Civil Rights Act of 1875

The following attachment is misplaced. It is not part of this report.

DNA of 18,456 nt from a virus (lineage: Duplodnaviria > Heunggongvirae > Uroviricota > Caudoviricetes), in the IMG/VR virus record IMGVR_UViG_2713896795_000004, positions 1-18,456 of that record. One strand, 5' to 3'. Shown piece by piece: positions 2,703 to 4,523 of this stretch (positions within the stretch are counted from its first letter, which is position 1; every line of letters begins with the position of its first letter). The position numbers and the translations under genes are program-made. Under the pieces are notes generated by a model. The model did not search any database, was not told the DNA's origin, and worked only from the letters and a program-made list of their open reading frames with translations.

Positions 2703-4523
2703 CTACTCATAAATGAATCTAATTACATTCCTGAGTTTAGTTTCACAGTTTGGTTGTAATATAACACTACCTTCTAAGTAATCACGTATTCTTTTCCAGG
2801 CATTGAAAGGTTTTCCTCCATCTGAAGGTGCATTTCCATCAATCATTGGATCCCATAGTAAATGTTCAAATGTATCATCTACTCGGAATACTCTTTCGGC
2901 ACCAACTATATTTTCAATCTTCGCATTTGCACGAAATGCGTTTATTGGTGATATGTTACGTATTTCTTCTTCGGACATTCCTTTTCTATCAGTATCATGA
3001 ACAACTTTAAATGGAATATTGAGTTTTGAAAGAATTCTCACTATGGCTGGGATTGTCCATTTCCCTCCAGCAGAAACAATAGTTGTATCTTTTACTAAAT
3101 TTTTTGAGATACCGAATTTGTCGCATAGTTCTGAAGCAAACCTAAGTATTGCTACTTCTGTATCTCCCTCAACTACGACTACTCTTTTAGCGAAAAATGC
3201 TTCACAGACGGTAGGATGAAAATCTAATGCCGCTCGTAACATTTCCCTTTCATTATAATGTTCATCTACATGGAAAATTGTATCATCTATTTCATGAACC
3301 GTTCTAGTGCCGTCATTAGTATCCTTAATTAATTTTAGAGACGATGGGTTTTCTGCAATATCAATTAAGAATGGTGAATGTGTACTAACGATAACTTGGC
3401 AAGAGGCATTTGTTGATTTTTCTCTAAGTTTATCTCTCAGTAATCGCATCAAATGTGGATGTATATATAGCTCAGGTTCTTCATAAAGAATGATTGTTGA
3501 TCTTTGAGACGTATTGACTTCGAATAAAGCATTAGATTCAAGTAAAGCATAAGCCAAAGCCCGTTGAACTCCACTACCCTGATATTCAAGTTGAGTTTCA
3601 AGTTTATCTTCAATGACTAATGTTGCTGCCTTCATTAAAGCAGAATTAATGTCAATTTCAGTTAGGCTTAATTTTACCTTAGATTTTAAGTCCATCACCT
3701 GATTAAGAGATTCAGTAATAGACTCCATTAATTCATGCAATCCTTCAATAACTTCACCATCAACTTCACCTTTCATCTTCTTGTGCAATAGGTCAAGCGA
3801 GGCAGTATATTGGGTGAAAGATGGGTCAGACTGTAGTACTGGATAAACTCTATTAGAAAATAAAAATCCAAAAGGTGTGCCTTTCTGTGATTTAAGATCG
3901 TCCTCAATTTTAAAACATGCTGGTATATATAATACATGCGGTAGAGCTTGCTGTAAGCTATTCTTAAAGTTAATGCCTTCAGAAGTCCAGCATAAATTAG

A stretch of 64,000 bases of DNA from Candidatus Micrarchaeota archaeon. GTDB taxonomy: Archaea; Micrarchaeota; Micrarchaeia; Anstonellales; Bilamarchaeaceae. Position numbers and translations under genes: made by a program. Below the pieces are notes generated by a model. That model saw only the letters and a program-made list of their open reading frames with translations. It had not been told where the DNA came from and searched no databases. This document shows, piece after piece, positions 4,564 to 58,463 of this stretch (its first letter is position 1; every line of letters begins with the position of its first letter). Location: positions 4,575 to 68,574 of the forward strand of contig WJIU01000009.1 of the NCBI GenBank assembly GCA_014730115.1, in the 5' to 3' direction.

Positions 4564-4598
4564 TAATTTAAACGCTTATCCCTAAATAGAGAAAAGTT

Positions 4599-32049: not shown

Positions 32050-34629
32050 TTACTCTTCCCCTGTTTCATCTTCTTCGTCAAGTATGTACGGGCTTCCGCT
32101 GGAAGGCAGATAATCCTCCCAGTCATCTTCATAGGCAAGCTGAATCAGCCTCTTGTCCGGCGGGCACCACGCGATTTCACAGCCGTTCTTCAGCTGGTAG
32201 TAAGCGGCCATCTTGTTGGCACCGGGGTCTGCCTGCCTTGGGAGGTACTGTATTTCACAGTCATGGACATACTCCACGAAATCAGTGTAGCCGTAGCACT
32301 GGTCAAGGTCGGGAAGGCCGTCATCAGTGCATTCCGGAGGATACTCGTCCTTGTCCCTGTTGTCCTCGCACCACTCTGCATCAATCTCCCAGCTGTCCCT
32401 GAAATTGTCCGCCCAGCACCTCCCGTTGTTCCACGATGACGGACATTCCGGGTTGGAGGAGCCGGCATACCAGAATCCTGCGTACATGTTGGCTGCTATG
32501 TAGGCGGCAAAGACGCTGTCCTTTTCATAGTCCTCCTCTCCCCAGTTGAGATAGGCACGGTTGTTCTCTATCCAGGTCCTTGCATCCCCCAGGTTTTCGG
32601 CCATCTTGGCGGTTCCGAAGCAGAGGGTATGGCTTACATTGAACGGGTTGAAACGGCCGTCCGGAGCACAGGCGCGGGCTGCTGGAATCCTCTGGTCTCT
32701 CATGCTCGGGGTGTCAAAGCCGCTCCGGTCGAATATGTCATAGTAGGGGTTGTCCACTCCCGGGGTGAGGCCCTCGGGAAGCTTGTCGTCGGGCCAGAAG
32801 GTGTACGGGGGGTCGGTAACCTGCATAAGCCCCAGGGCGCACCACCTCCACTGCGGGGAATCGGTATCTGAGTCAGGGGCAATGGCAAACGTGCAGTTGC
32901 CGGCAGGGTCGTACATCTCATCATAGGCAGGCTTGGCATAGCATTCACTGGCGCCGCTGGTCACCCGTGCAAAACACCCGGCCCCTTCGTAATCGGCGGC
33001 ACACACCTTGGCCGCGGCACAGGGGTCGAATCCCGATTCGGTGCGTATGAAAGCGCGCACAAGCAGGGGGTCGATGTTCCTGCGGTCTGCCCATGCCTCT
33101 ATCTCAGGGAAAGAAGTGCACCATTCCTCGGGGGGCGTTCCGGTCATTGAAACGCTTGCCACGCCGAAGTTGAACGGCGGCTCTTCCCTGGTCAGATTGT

The Civil Rights Act of 1875 (18 Stat. 335–337), sometimes called Enforcement Act or Force Act, was a United States federal law enacted during the Reconstruction Era to guarantee African Americans equal treatment in public accommodations, public transportation, and to prohibit exclusion from jury service. The bill was passed by the 43rd United States Congress and signed into law by President Ulysses S. Grant on March 1, 1875. Several years later, the Supreme Court ruled in Civil Rights Cases (1883) that sections of the act were unconstitutional.